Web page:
The symbol in Delaware that showed off the power of Hurricane Sandy maybe all of the sand deposited by the storm on the Coastal highway just north of Bethany Beach. That section of road will be closed for a few more days.
It caught the attention of Gov. Jack Markell, Lt. Gov. Matt Denn and transportation officials who surveyed post storm damage around Sussex County by helicopter. The new Indian River Inlet Bridge came through its second test from a tropical storm, despite heavy rain, massive tidal waves and strong winds. The same can’t be said for the road leading up to the bridge. The early hours of storm, as the surf churned up tons of sand on to Route 1, closed that link between Bethany and Dewey Beaches. Markell and Matt Denn got an aeriel view of the damage and flooding from above on a Black Hawk helicopter and later saw the damage up close on the ground as well. The helicopter tour started in Smryna, and after viewing the coastline, Markell landed at the Delaware Army National Guard training site in Bethany Beach. While Hurricane Sandy which was eventually downgraded to a tropical storm, ripped through neighboring states, Delaware was spared considering coastal damage in Atlantic City, New Jersey. Delaware Department of Transportation Secretary Shailen Bhatt, Tom Carper and DNREC officials met up with Markell and Denn on ground to get a better view of storm damage near the Indian River Inlet Bridge and assessed damages. “The new Indian River Inlet Bridge is in perfect condition, we checked it visually, and everything is fine. We’re going to do more tests on it but we believe everything is fine,” said Sec. Shailen Bhatt. Bhatt also weighed in on the old bridge, since its demolition is part of the multi-million dollar bridge project. “What we have immediately on the ocean side is the old bridge that really shows the effects of the pounding surf, tidal action that started early and went on and on,” added Bhatt. In the meantime, transportaion are trying to evaluate the impacts of this storm overall and working to get the road up and running again withing the next 48 hours. One of the more bizarre reports about the bridge were twitter messages that said it had collapsed. It’s unclear whether the images posted were photo shopped or just an odd camera angle that gave the impression something had happened. Either way, state officials were quick to put out their own social media update explaining the bad information and what the real story was.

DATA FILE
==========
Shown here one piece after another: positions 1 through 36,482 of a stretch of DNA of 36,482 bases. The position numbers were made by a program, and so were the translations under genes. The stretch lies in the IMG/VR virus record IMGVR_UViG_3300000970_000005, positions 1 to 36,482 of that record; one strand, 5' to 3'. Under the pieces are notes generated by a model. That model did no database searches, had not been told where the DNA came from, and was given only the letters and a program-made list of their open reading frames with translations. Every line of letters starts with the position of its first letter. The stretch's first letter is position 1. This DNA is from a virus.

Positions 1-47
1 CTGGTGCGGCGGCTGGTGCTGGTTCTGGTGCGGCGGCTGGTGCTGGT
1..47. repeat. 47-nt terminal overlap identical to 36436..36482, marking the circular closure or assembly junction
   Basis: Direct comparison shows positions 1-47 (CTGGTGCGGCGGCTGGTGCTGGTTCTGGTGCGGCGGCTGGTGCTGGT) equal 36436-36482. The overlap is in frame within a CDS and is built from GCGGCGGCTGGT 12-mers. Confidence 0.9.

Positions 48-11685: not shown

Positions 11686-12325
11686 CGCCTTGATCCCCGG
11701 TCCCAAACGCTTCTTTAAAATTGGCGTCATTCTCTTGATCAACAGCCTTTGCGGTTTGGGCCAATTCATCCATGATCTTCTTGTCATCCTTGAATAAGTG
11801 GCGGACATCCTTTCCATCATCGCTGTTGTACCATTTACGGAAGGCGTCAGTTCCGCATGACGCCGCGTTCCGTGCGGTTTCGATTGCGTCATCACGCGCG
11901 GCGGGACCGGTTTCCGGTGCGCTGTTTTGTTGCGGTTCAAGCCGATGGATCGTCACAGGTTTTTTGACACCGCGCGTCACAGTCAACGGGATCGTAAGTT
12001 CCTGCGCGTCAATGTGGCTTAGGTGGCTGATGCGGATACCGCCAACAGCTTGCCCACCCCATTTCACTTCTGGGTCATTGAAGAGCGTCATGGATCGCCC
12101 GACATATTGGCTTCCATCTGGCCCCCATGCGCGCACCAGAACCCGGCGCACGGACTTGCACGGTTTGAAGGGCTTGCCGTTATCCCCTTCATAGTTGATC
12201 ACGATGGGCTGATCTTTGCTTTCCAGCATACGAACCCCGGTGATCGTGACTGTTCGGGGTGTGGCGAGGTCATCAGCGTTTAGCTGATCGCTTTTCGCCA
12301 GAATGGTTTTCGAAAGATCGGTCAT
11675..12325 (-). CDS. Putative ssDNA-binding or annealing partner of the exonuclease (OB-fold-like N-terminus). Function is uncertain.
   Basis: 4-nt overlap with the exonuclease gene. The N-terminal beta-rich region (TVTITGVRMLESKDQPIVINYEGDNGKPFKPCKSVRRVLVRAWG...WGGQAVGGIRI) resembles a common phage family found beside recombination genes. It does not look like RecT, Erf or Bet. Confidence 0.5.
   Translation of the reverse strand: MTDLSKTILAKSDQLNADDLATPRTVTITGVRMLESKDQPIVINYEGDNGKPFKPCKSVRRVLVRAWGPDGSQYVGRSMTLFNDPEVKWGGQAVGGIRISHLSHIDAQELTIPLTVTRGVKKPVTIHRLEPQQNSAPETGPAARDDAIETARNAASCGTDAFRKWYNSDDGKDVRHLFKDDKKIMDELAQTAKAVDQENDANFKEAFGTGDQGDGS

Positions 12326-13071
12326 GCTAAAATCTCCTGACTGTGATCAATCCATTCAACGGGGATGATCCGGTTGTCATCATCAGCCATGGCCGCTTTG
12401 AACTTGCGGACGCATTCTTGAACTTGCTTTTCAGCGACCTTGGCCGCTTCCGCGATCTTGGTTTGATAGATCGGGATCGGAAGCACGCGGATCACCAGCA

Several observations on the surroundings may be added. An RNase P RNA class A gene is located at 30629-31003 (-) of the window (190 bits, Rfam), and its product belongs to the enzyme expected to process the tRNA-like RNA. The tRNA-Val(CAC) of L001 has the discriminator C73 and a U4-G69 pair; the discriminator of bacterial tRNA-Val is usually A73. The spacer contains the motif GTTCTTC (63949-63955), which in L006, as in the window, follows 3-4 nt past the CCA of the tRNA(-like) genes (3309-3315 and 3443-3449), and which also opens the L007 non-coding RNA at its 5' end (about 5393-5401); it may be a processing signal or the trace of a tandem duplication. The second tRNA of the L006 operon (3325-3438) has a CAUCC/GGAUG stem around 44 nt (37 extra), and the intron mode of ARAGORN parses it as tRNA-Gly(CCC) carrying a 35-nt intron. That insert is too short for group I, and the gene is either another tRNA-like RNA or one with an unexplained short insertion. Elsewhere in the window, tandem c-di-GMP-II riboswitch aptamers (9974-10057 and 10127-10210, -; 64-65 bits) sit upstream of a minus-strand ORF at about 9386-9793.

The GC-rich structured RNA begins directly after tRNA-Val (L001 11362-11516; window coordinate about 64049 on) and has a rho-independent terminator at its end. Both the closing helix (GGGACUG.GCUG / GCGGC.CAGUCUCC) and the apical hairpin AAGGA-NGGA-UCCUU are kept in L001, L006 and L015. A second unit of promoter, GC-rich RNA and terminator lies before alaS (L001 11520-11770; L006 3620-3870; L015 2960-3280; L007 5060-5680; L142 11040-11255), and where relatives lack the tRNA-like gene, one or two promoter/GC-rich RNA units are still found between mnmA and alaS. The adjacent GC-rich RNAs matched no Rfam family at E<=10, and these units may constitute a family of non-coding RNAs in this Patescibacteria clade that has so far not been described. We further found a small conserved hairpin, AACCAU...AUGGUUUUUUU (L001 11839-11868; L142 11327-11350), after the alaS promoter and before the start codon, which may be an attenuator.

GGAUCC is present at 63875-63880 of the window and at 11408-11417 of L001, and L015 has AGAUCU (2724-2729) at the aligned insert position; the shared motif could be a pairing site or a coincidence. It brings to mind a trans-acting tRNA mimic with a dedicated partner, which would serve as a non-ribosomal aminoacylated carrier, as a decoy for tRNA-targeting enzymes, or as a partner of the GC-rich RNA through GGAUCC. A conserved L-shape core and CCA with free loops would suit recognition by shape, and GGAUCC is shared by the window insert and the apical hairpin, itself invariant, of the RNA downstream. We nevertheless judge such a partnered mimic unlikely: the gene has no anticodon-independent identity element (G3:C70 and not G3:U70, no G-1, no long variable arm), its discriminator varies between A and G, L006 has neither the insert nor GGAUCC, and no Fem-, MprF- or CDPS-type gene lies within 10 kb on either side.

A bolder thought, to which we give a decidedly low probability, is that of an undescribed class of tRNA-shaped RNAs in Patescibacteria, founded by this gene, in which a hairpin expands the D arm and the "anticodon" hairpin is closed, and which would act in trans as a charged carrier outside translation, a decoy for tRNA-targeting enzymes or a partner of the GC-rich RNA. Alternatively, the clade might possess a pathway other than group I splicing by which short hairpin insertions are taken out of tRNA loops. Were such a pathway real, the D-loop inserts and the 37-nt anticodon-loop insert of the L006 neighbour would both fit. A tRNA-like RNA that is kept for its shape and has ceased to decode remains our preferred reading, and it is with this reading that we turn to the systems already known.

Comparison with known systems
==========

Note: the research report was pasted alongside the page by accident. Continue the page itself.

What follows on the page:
Senator Tom Carper also survey the bridge from the ground. He had toured Fenwick and Bethany beaches earlier and noted that the federal and state beach replinishment programs were key in keeping beach damage to a minimum. From the air Governor Markell and his team could see many parts of the Fenwick business district and homes at Tubbs Cove under water.
Maria Counts, a reporter with our content partner, Coastal Point said that beyond the beach there were many areas along Route 26 that were also flooded. During the height of the storm some people had to be rescued by rising waters around their home.
WHYY/First photographer Paul Parmelee was among the photographers who rode on the chopper survey of the coastal areas of Delaware.